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Putting Half.com on the Map

If you're an entrepreneur in training you ought to be taking notes. EBay announced plans to acquire Half.com yesterday in a blockbuster stock deal valued at roughly $350 million. It's a win-win move for both companies; but for one serial entrepreneur, it's a four minute mile in front of the home crowd.

Joshua Kopelman is the 28-year-old co-founder of Infonautics . The firm is best known for its innovative Company Sleuth service, which grabbed headlines by the bushel last year when it started publicizing recently registered domain names from publicly traded companies like Amazon and Dell .

After serving his tour of duty as executive vice president of Infonautics, Kopelman got the itch again. He announced his departure this time last year to start a new Net venture named Half.com. His old company funded the new start-up with a quarter-million dollars in exchange for a five percent equity stake. And it's been off to the races ever since.

With a group of hand picked IT buddies, the business savvy Kopelman set out to make his mark the old-fashioned way. With a great idea. Crossbred between Amazon and eBay, Half.com is a person-to-person e-marketplace for used goods. EBay focuses on those hard-to-find items and lets user bid on them. But unlike the online auctioneering giant, Half.com focuses on non-scarce items, allowing users to sell used books and CDs on its Web site at a fixed cost.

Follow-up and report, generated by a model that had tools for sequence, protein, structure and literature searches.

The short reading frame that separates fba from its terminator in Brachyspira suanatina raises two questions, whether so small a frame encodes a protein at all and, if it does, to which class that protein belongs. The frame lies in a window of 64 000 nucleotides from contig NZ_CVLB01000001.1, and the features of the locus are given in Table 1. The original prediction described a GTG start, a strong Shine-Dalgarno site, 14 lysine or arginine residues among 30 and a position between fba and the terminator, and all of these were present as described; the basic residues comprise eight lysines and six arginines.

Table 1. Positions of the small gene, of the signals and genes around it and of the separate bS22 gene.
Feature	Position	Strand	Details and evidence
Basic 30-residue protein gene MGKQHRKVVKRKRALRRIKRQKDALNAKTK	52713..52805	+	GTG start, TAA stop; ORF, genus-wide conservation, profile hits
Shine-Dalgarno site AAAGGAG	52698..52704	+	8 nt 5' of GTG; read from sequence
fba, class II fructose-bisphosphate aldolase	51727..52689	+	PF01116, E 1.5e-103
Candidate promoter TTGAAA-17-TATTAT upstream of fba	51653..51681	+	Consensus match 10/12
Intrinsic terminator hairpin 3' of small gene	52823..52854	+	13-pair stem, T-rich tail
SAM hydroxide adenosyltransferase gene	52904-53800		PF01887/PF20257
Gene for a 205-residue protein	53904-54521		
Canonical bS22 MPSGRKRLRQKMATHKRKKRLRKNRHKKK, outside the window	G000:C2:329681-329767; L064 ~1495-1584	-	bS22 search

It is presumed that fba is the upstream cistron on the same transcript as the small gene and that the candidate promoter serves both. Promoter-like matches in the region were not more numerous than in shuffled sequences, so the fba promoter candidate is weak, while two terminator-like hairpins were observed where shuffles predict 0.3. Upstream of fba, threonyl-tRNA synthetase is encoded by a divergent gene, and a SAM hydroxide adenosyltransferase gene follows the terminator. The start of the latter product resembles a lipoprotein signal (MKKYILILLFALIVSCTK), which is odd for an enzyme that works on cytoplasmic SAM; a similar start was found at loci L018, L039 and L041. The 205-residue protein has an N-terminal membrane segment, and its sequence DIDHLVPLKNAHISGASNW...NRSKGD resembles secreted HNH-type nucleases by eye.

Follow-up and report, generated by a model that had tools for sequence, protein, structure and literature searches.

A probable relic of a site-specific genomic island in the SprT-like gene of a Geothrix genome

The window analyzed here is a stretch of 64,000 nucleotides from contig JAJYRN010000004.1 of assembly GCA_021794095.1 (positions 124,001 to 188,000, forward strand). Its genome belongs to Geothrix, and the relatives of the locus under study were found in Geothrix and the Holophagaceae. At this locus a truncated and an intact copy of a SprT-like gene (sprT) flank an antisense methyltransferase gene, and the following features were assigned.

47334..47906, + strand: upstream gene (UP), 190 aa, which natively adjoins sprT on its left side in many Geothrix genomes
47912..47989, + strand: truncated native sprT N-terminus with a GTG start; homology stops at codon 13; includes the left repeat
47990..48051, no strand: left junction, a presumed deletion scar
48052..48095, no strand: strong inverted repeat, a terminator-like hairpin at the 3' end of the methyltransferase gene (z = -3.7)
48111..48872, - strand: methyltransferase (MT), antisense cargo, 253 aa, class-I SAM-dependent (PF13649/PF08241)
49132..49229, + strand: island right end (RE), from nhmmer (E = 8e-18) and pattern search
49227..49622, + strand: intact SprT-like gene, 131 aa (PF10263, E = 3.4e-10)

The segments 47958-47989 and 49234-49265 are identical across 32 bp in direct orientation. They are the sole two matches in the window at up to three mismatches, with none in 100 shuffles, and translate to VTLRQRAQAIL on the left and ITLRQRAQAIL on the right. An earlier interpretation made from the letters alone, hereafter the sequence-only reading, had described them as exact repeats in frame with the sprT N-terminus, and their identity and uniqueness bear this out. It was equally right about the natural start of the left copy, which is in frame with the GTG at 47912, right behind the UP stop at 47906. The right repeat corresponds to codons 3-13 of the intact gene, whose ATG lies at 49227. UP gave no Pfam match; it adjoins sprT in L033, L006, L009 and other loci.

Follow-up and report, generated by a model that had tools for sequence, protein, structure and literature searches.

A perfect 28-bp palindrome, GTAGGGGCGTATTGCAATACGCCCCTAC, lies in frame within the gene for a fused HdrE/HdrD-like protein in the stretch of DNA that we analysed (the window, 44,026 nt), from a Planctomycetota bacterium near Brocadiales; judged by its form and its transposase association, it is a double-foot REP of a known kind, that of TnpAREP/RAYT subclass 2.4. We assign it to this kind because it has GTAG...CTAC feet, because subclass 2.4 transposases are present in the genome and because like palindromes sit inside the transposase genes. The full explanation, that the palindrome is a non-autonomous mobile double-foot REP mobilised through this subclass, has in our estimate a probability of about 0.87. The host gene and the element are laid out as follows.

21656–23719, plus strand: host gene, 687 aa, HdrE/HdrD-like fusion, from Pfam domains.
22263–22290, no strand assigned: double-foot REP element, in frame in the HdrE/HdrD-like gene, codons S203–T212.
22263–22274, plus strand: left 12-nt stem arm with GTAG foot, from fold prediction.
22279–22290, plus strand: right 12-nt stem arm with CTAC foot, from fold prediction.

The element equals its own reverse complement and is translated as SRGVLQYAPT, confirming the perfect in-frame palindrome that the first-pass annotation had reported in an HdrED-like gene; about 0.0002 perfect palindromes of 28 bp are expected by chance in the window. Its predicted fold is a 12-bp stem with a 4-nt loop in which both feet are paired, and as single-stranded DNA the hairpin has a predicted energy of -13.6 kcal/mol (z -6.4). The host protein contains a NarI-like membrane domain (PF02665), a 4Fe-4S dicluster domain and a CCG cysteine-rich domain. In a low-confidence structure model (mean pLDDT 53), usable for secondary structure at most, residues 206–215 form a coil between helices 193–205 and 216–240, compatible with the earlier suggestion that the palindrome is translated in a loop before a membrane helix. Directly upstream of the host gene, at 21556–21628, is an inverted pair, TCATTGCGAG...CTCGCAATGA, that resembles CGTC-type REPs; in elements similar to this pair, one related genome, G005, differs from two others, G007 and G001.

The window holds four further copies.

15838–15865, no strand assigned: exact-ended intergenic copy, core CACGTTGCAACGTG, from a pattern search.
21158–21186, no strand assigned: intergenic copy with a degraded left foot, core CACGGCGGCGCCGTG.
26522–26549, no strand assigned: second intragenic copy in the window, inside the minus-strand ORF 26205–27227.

On Half.com people don't bid on items, and there's no cost to list old junk from the attic. The company makes money by taking a 15% sales commission on items sold, and it takes just a few seconds to list sale items using the UPC code. Half.com gets two thumbs way up for escrowing credit card transactions. A fantastic policy that a billion dollar dot-com like eBay desperately needs to consider.

Amazon sells plenty of new books and CDs, but there's little in the way of an aftermarket for plentiful used goods. Although, that hasn't stopped analysts from comparing Half.com to the king of e-tailing since day one.

Armed with a modest war chest, Half.com came to a fork in the road. With all the dot-coms scrambling over one another to stand out from the crowd, how could Half.com create a buzz over its Web site? Cooked up in-house, the company unleashed the most clever publicity stunt we've seen this millennium. The idea was to get the sleepy town of Halfway, Oregon to temporarily change its name to Half.com in exchange for some free computers and $75,000 cash.

It would mark the first time a town ever named itself after an Internet upstart, and the media howled with delight at the genius of the marketing move. In a time of million dollar Superbowl ads by penniless newcomers, Half.com managed to parlay pocket change into a king's ransom worth of free publicity. Every major news media outlet across the world picked up the story and ran with it. And overnight, Half.com was put on the map.

Despite waning enthusiasm in the online retailing industry, venture capitalists weren't about to pass up on the next Amazon.com. In its third round of funding, Half.com netted $17 million from a who's-who list of deep pockets that included @Ventures and Safeguard Scientifics .

Rocketing to the 18th most trafficked e-commerce site on the Net in a New York minute, Half.com attracted more than just curious onlookers. EBay was so impressed with how fast the company landed in its backyard, that it decided to extend the brass ring to Josh Kopelman less than a year from his departure from Infonautics, and before the start-up has a chance to grow into a fearsome ancillaryc